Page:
Posts Tagged ‘Food and Wine’

What’s (Not Quite) Cookin’?

January 24, 2015

Hey Y’all,

Just checking in to show you what’s for dinner…

Talapia Ceviche on Mini Tortillas

Tilapia Ceviche on Mini Tortillas

And here’s the wine sample that went with it…

Villa Bellangelo 2012 Dry Riesling

Villa Bellangelo 2012 Dry Riesling

What are y’all having for dinner?

Stay Rad,

Jeff

Stay Rad Wine Blog TV Episode 153: France vs Italy

January 24, 2015

In this episode, Jeff pits two cool-climate Gewürztraminer samples against each other.

Wine Tasted:

Willm 2012 Gewurztraminer, Elena Walch 2013 Gewurztraminer, and Curry Soup

Willm 2012 Gewurztraminer, Elena Walch 2013 Gewurztraminer, and Curry Soup

Stay Rad,

Jeff

What’s your favorite Gewürztraminer? Leave a comment, and let us know.

Stay Rad Wine Blog TV Episode 152: Everybody Wants Mo’ Scotto

January 12, 2015

In this episode, Jeff tries two samples from Scotto Family Cellars while making dinner…

Wine Tasted:

Scotto Family Cellars 2012 Malbec and Cabernet Sauvignon with Roasted Asparagus and Pan Seared New York Strip with Chimichuri

Scotto Family Cellars 2012 Malbec and Cabernet Sauvignon with Roasted Asparagus and Pan Seared New York Strip with Chimichuri

Stay Rad,

Jeff

What’s your favorite non-Zinfandel based wine from Lodi?  Leave a comment, and let us know.

Stay Rad Wine Blog TV Episode 144: Syrah, Jerky, and BBQ Potato Chips

October 14, 2014

In this episode, Jeff pairs this $40 Syrah with $4 worth of snacks.

Wine Tasted:

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Cornerstone Cellars 2012 Napa Valley Syrah

Stay Rad,

Jeff

What is your favorite Syrah from Atlas Peak?  Leave a comment, and let us know.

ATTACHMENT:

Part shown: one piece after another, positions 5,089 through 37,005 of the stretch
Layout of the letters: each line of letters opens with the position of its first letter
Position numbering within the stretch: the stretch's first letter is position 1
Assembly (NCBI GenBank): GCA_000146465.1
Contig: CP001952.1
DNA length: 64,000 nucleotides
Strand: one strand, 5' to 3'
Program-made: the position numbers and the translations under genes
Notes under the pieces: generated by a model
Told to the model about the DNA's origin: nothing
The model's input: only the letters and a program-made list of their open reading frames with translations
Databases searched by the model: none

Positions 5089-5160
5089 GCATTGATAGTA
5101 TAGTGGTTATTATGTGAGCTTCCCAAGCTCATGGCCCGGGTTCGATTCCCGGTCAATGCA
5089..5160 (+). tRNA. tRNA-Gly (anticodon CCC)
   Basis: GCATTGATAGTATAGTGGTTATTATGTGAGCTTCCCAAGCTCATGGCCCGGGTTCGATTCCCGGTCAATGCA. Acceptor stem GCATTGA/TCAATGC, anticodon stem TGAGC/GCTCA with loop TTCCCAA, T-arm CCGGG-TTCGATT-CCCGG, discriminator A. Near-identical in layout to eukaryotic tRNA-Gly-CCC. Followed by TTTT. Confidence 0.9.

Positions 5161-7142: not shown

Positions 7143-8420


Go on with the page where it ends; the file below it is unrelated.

Stay Rad Wine Blog TV Episode 140: Chianti Rufina and a Burger

August 16, 2014

In this episode, Jeff pairs this Chianti Rufina sample with his guacamole burger…

Wine Tasted:

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Nipozzano 2010 Chianti Rufina Riserva

Stay Rad,

Jeff

What’s your favorite Chianti Rufina? How did it compare to other Chianti and Chianti Classicos you’ve tried? Leave a comment and let us know.

#FLXWine to the fullest! or… Is it too soon to hashtag #WBC15? or… Sometimes Wine + Blogging Does = Wine Blogging

July 17, 2014

One week ago, I sat down to review one of several wines samples sent to me from Villa Bellangelo Winery.  In particular, I sat down to review this wine…

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Bellangelo 2012 Gewürztraminer

Now…

If you’ve been following this blog for a while, you know that it really doesn’t take that long for me to assess and come to a conclusion about wine.  In my video reviews, you’ll see me talk about a particular wine from anywhere from five to twenty minutes… But really… It only takes me a minute or two of that tasting to form my opinion.

“So, Jeff…” you may be wondering, “Why have you been struggling with putting together this wine review?  I mean… Seriously?  You’ve been working on this post for over a week?  You’re only 147 words into this thing… And that includes this made-up dialogue.  What gives?”

Well…

There’s a couple of different things going on here.